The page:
Having already completed Age UK’s Wrap Up and Run in March, the dedicated team are now in the final stages of training for the Leeds Half Marathon on May 13.

Emma Kovaleski, Liz Henry and Susannah Williams will be running the whole 13 miles and will be joined by six other colleagues from Yorkshire Energy Services who’ll be competing in the coveted corporate relay.

The part-time athletes but full-time energy efficiency enthusiasts will be running in their Wrap Up Leeds gear so they’ll be easily spotted in the crowd.

Liz Henry, marketing and events assistant from Yorkshire Energy Services said:

“The more people that find out about Wrap Up Leeds, the better. We’ve put an Olympic effort into our training so we hope to finish in a good time.

“We’d love it if people could give us a shout or a wave if they see us and use it as a reminder to log on to the Wrap Up Leeds website to register for free insulation.”

Leeds home owners and people renting privately can have their loft insulated or their cavity walls filled with mineral wool insulation at no cost by Wrap Up Leeds. Even if a loft is already insulated below 160mm, it can be topped up to the maximum recommended 270mm for free.

Once wrapped up, people can expect to save up to £300 a year on their fuel bills.

Councillor Mark Dobson, executive member for environmental services said:

“The team really are going above and beyond the call of duty to try to get as many people signed up for their free insulation as possible. I wish them the best of luck.”

Councillor David Blackburn, chair of the council’s cross-party environment and climate change working group said:

“If Liz, Susannah and Emma enter any more races they will have run a few marathons by the time we’ve insulated 15,000 homes in September. I’d like to thank them for making sure that Wrap Up Leeds is represented at some of the most high profile events in the city. And of course, good luck to them all.”

Wrap Up Leeds is a partnership between Leeds Council and Yorkshire Energy Services. As well as letting people know about the amazing offer available, the team are raising funds for Yorkshire Energy Services’ chosen charity, Practical Action.

Anyone who owns their own home or rents it privately can apply online for their free insulation at www.wrapupleeds.co.uk or by calling 0800 052 0071.

The 0800 number is free from most landline providers, but may not be free from mobile networks. If you would prefer, please call Wrap Up Leeds on 01484 351 779.

Anyone who wishes to make a donation to the team can do so on the Wrap Up Leeds Just Giving page at www.justgiving.com/teams/wrapupleeds.

Notes to editors:
About Wrap Up Leeds
• Wrap Up Leeds is run in partnership by Leeds City Council and Yorkshire Energy Services, with funding from EDF Energy.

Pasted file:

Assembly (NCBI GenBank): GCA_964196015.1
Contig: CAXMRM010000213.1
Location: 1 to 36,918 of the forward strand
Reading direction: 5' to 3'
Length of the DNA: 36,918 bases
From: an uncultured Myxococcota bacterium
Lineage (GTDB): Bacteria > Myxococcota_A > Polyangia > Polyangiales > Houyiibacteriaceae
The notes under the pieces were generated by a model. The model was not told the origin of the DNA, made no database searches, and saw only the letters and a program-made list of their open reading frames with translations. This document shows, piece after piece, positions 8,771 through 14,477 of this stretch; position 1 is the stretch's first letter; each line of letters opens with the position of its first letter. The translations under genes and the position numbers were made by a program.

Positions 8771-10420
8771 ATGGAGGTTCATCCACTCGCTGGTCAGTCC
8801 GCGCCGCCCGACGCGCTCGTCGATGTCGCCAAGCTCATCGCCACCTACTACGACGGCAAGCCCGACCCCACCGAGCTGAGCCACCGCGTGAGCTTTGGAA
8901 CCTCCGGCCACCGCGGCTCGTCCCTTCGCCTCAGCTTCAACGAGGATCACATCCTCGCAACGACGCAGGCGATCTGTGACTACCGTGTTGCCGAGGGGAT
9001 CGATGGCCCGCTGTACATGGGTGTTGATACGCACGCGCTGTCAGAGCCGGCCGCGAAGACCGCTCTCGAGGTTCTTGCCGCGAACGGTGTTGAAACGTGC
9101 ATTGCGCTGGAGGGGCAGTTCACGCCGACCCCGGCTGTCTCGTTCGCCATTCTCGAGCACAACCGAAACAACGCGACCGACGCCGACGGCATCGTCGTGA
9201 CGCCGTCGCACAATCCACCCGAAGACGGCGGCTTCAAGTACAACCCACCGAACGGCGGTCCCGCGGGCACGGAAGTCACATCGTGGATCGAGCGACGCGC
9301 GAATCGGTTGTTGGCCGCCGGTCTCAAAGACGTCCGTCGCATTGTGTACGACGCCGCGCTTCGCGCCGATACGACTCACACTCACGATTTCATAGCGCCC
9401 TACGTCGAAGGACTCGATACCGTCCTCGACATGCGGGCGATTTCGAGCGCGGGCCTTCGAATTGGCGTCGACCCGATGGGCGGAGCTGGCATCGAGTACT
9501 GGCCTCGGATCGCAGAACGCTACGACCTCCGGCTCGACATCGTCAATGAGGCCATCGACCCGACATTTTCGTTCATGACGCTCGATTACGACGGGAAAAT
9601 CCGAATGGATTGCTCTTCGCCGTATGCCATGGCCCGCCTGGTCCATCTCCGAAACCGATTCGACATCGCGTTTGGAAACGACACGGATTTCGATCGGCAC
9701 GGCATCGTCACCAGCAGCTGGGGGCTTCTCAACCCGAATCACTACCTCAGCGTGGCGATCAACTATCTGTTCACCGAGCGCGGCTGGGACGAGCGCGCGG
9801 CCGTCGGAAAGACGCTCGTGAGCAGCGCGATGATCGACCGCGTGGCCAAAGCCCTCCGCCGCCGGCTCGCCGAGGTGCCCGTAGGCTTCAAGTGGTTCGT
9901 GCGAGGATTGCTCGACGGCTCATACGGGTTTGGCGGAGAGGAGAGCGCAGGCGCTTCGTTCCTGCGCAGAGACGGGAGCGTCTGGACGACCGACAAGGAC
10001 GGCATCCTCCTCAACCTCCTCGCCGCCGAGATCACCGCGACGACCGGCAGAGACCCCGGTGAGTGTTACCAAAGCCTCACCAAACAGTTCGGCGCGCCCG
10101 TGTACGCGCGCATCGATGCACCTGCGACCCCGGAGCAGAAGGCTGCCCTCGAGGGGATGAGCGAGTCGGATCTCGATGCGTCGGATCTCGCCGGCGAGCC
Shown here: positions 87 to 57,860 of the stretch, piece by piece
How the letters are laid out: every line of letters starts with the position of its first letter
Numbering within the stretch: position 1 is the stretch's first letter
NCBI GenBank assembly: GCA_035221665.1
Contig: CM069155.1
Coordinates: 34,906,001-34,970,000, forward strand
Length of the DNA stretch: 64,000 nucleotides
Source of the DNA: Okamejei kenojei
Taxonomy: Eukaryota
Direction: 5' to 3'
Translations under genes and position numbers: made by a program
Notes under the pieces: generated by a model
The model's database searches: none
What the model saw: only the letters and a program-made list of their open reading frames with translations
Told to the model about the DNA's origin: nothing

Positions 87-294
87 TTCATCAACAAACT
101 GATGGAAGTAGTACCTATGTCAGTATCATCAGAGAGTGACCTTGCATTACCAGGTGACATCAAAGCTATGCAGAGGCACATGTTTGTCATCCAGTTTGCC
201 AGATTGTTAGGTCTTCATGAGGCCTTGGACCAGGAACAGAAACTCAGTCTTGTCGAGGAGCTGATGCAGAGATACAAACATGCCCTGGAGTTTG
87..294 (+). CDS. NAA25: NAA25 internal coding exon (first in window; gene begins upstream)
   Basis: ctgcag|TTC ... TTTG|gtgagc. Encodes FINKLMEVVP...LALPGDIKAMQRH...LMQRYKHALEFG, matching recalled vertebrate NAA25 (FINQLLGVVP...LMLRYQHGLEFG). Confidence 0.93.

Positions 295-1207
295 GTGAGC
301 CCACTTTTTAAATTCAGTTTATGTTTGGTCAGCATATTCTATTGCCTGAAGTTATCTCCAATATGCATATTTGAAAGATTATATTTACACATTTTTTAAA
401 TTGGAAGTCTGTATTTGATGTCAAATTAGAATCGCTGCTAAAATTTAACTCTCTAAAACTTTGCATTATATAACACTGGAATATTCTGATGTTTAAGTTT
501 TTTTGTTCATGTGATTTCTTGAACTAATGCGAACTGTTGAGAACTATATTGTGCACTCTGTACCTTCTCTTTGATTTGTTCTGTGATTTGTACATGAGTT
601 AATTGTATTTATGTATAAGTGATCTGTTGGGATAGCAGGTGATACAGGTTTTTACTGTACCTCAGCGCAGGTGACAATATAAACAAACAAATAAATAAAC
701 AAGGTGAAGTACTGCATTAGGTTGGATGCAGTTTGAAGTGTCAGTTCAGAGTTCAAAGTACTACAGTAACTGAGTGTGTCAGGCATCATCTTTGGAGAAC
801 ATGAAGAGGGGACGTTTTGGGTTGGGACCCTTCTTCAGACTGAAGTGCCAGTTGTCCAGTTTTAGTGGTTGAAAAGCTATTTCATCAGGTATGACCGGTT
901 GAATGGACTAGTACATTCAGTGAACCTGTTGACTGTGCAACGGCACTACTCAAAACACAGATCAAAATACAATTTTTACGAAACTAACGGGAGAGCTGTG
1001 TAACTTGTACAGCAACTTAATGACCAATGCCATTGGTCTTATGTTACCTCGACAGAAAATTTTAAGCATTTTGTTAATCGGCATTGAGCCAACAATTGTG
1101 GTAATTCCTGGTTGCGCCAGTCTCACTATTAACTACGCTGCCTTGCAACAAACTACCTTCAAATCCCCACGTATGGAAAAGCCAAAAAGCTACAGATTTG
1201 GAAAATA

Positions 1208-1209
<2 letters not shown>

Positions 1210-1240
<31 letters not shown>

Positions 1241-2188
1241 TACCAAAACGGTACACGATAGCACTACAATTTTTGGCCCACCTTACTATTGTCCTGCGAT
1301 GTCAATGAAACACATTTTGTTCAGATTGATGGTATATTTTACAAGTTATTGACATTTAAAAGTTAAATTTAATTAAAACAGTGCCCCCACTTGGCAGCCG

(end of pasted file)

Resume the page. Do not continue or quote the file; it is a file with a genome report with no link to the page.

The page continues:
• Wrap Up Leeds is available to all homeowners and privately rented tenants (where landlord’s permission has been granted) in the Leeds City Council area only.
• Free cavity wall insulation, loft insulation (where less than 60mm of loft insulation currently exists) and loft ‘top up’s’ (where more than 60mm but less than 160mm of loft insulation currently exists) are available under the scheme.
• A free, technical survey of the property will confirm that the work will definitely be free and much larger properties or those that need extensive scaffolding may be asked to pay a contribution towards the work.
• The project estimates to help householders made total cumulative savings of £1,653,750 on energy bills based on installing cavity wall insulation in 6,000 homes, laying insulation in over 3,000 empty lofts and ‘topping up’ a further 5,850 lofts.

For media enquiries please contact:

Amanda Burns, Leeds City Council press office (0113) 247 5704
e-mail: amanda.l.burns@leeds.gov.uk

or

Ellie Lyon, Yorkshire Energy Services marketing team on 01484 352010
Email Ellie.Lyon@yorkshireenergyservices.co.uk

ENDS

New network sowing seeds to feed Leeds

A new project to develop a community food network in Leeds is to be discussed by senior councillors in the city next week.

The proposals to bring together all elements in the city to work on public food production – provisionally entitled ‘Feed Leeds’ – is to be debated by the council’s executive board at its meeting on Wednesday 16 May at Civic Hall.

If approved, the plan would be for the council to take a lead role in bringing together local community groups, landowners, food outlets and schools to develop projects to grow communal food. Businesses would also be encouraged to get involved as sponsors, as well as providing discounts on gardening equipment and materials in addition to corporate volunteer support.

Leeds City Council would support the network by providing advice and materials from the parks and countryside service’s Red Hall nursery, bringing more land into potential use for food growing, and supporting ‘friends of’ groups and community groups to adopt edible flowerbeds in parks. The existing ‘In Bloom’ groups located around the city would also be encouraged to get involved with a range of competitions.

As well as improving community cohesion, the network would also be an example of ‘civic enterprise’ in action with all communities and aspects of the city coming together through shared working in order to achieve mutual benefits.